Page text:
- 2-3pm (Monday/Wednesday/Friday in Chemisty D300)
- 4-5pm (Monday/Wednesday/Friday in MacMillan 166)

Instructor office hours: TBA

**Tutorials** (beginning September 9):

- 1-2pm (Mondays in DMP 201)
- 5-6pm (Mondays in DMP 101)
- 330-430pm (Tuesdays in DMP 201)
- 430-530pm (Tuesdays in DMP 201)
- 12-1pm (Wednesdays in DMP 201)
- 9-10am (Thursdays in DMP 201)
- 10-11am (Thursdays in DMP 201)
- 11-12pm (Thursdays in DMP 201)
- 1-2pm (Thursdays in DMP 201)

TA office hours (beginning September 9, all in Demco Learning Centre): TBA

**Synopsis**: We introduce basic principles and techniques in the fields of data mining and machine learning. These are some of the key tools behind the emerging field of data science and the popularity of the `big data' buzzword. These techniques are now running behind the scenes to discover patterns and make predictions in various applications in our daily lives. We'll focus on many of the core data mining and machine learning technlogies, with motivating applications from a variety of disciplines.

**Registration**: Undergraduate and graduate students from any department are welcome to take the course. Undergraduate students should enroll in CPSC 340 while graduate students should enroll in CPSC 532M (which has an extra small project component). Below are more details on registration for each course:

- The majority of the seats in 340 are reserved for UBC computer science majors. For other students,
. Note that last year all students on the wait list were ultimately accepted into the course (but we did not have room for auditors.)*to enroll in the course you need to sign up for the wait list* - Two-thirds of the seats in 532M will initially be reserved for UBC computer science grad students, while the remaining seats are open to graduate students from any department. Note that you will likely get a warning about prerequisities when you register (which you can ignore), but depending on your department you may later be contacted and asked to show how you satisfy the relevant prerequisites. As with 340,
**if 532M becomes full then signing up for the waiting list is the only way to enroll in the course**. Last year all students on the wait list were ultimately accepted into the course.

**Prerequisites**:

- Basic algorithms and data structures (CPSC 221, or both of CPSC 260 and EECE 320 as well as one of CPSC 210, EECE 201, or EECE 309).
- Linear algebra (one of MATH 152, 221, or 223).
- ***Probability (one of STAT 241, STAT 251, ECON 325, ECON 327, MATH 302, STAT 302, or MATH 318).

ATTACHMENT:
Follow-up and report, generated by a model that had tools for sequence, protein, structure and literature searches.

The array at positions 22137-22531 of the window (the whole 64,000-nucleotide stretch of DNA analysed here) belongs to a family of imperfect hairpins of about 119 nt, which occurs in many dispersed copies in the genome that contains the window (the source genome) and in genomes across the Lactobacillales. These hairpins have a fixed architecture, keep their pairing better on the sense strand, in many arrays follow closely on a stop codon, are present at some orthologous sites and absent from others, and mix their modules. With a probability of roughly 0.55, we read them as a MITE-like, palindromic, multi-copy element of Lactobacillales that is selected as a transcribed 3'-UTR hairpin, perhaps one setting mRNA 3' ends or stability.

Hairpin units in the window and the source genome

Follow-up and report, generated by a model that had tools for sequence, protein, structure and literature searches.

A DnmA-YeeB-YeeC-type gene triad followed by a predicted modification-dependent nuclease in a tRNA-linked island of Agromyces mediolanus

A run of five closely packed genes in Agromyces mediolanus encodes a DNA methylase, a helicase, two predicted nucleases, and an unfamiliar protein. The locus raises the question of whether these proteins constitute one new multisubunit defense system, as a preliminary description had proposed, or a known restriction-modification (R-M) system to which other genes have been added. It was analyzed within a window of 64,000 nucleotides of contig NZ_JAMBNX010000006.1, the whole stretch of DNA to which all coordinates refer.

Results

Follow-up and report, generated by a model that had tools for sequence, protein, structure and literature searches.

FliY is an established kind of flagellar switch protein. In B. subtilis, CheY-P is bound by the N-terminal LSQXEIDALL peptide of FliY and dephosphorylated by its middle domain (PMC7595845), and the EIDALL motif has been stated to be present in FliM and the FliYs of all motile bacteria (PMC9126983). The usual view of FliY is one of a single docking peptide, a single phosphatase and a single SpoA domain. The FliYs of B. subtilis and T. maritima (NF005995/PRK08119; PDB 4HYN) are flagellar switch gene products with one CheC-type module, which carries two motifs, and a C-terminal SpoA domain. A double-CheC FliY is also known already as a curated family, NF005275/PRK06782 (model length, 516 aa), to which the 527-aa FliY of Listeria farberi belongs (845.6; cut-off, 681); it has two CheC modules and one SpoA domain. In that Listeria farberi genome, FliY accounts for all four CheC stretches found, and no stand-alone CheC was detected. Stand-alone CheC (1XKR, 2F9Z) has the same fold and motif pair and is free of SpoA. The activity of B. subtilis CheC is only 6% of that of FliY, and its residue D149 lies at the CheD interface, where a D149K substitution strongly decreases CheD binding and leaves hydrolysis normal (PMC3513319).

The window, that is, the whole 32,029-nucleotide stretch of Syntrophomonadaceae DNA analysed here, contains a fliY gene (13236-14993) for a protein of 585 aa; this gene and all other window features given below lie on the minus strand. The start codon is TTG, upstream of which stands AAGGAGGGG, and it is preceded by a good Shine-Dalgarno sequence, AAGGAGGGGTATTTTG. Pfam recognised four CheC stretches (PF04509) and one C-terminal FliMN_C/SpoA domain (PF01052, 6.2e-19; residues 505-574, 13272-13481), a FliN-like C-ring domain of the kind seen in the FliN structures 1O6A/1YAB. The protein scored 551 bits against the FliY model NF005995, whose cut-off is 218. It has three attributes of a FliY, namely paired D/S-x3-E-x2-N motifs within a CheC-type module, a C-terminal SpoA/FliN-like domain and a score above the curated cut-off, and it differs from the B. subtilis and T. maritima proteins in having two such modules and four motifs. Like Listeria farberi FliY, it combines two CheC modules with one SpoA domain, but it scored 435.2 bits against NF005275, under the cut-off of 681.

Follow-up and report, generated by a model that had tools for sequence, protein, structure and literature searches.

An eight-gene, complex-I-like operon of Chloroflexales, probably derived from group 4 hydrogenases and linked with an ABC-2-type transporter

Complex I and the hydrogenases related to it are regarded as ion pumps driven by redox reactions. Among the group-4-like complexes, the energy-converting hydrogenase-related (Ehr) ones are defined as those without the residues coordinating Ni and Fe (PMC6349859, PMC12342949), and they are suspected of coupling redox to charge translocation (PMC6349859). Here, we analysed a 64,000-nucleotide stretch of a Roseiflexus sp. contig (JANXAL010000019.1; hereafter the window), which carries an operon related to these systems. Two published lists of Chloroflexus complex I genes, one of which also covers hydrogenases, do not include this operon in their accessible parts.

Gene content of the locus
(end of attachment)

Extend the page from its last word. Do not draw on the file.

- Multivariate calculus (one of MATH 200, 217, 226, 253, or 263).

**Textbook**: There is no required textbook for the class. A introductory book that covers many (but not all) the topics we will discuss is the Artificial Intelligence book of Rusell and Norvig (AI:AMA) or the Artificial Intelligence book of Poole and Mackworth (you may need these for other classes). More advanced books include The Elements of Statistical Learning (ESL) by Hastie et al., Murphy's Machine Learning: A Probabilistic Perspective (ML:APP) which can be accessed through the library here, and Bishop's Pattern Recognition and Machine Learning (PRML). For books with a bigger focus on data mining, see Introduction to Data Mining (IDM) and Mining of Massive DataSets.

**Related Courses**:
The most related course is CPSC 330: Applied Machine Learning. This course has fewer prerequisities and covers some of the same material, but focuses more on applications rather than understanding ML ideas in depth.

Related courses in statistics include: STAT 305, STAT 306, STAT 406, STAT 460, STAT 461 (as well as EOSC 510). A discussion of the difference between CPSC 340 and these various STAT classes written by a former student (Geoff Roeder) is available here.

**Grading**:

- 340: Assignments 30%, Midterm 20%, Final 50%.
- 532M: Assignments 25%, Midterm 15%, Final 35%, Project 25%.

- Data representation and summarization.
- Supervised learning with frequencies and distances.
- Data clustering, outlier detection, and association rules.
- Linear prediction, regularization, and kernels.
- Latent-factor models and collaborative filtering.
- Neural networks and deep learning.

- Machine Learning and Data Mining (UBC 2012)
- Introduction to Machine Learning (Alberta)
- Practical Machine Learning (Berkeley)
- Machine Learning (MIT)
- Machine Learning (CMU)
- Course in Machine Learning (Maryland)
- Principals of Knowledge Discovery in Data (Alberta)
- Data Mining (CMU)

Mark Schmidt > Courses > CPSC 540